British MPs attack May for scrapping energy price cap promise

Theresa May's government in July revealed an election promise to cap energy prices for 17m people would not be honoured. [Twocoms/ Shutterstock]

British lawmakers from across the political spectrum have called on Prime Minister Theresa May to fulfil an election pledge that would cap energy bills for 17 million people, after her government last month confirmed only 2.6 million extra people would actually benefit.

Ahead of June’s general election, May promised that all households on a standard variable tariff would have their energy bills capped in order to provide a fair deal for “ordinary working families”.

But in early July, Business Secretary Greg Clark revealed that only a fraction of the initial 17 million people would be eligible. Media reports suggested that May’s election embarrassment, where she lost her parliamentary majority, led cabinet ministers to force her to drop the pledge.

Under the revised plan, the existing cap, enjoyed by nearly 4 million people, will only be rolled out for an additional 2.6 million people who are on the Warm Home Discount scheme, most of whom are of pensionable age.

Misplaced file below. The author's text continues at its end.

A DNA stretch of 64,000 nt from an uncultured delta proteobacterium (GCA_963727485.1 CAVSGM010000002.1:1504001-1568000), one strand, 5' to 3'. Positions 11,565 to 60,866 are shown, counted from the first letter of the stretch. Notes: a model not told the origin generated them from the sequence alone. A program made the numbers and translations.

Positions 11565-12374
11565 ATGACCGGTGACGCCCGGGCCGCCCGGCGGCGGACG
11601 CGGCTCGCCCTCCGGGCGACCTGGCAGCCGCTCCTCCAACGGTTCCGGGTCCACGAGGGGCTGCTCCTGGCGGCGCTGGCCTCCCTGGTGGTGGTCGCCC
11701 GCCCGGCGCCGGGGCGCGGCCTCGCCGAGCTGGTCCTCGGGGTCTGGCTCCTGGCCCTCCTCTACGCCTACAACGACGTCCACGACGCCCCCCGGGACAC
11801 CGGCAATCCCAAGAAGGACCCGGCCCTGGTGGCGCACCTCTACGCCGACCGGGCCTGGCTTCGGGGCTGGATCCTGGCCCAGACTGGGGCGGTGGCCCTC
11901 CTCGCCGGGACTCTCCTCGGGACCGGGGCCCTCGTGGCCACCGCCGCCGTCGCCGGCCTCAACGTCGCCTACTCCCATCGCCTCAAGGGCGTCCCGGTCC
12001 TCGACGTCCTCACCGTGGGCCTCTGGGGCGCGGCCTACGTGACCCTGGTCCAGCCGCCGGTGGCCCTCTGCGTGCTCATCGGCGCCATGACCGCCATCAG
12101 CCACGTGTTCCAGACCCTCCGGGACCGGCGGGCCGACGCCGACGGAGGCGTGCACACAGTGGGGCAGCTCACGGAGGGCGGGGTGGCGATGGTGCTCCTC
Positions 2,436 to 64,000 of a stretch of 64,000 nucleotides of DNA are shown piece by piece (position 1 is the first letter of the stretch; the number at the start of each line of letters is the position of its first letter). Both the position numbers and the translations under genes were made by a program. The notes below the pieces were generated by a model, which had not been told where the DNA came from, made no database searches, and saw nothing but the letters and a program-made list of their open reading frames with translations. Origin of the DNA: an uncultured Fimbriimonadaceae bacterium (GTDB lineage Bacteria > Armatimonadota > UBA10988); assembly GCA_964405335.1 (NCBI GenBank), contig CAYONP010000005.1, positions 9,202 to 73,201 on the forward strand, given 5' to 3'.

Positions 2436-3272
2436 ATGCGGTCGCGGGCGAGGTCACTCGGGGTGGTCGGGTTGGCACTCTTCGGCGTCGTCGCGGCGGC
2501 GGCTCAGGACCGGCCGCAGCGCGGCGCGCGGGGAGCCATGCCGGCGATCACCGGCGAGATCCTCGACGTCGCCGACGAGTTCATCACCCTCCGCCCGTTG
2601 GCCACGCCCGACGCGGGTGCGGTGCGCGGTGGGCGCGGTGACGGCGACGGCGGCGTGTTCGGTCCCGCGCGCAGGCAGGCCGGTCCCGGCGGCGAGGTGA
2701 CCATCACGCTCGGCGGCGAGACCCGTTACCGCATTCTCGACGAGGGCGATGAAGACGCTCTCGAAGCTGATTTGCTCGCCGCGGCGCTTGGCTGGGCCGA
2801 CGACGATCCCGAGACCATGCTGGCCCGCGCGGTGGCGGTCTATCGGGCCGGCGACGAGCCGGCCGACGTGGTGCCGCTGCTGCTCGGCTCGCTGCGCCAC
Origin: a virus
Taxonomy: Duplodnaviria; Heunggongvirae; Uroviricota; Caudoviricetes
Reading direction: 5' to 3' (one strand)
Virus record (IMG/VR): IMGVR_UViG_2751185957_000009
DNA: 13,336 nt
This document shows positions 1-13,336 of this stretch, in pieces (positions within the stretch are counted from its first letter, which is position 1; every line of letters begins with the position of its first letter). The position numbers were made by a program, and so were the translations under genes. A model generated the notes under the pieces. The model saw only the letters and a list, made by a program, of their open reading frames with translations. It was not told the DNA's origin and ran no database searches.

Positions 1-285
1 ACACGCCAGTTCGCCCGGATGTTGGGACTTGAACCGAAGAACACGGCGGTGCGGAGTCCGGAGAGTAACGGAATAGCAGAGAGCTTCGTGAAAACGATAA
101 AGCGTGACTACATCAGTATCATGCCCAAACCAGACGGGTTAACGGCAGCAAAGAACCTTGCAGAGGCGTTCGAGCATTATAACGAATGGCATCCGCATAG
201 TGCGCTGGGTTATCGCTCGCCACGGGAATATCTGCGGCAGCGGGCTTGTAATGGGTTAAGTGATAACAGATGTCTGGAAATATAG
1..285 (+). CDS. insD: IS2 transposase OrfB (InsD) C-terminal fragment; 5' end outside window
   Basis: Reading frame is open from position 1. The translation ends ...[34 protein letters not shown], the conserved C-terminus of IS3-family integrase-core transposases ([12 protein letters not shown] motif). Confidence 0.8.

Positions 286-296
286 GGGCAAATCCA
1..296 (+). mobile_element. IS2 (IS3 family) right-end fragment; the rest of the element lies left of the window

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Now, 53 MPs from the Conservative Party itself, the Labour Party and the Scottish National Party have lent their signatures to a letter calling on May to U-turn on her U-turn, according to The Sunday Telegraph.

The letter, which will be delivered to the prime minister once parliament reassembles after the summer break, urges May to extend the cap, proposed by energy regulator Ofgem, to all 17 million people, in line with the original election promise.

They also ask the Conservative leader to “work with us and Ofgem to stop this Big Six [energy companies] stich-up, and pledge to help the millions of households who Ofgem seem set to ignore”.

British Gas, one of the so-called Big Six, increased its prices by up to 12.5% for 3 million customers shortly after May backtracked on her campaign promise, meaning all six energy firms have hiked their rates this year.

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Britain launched a £246 million fund on Monday (24 July) to boost the development and manufacturing of electric batteries, a major growth area for the car and energy sectors.

Low, low prices

Earlier this month, the government announced it will launch an independent review into energy prices, with the aim of providing the lowest per household costs in all of Europe, with findings scheduled to be presented at the end of the year.

The review, headed by energy expert Professor Dieter Helm, will look at the “whole electricity supply chain” and aims to establish how climate targets can be met while also keeping energy bills low.

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Saudi Arabia and Russia, the world’s two top oil producers, agreed today (15 May) to extend oil output cuts for a further nine months until March 2018 to rein in a global crude glut, pushing up prices.

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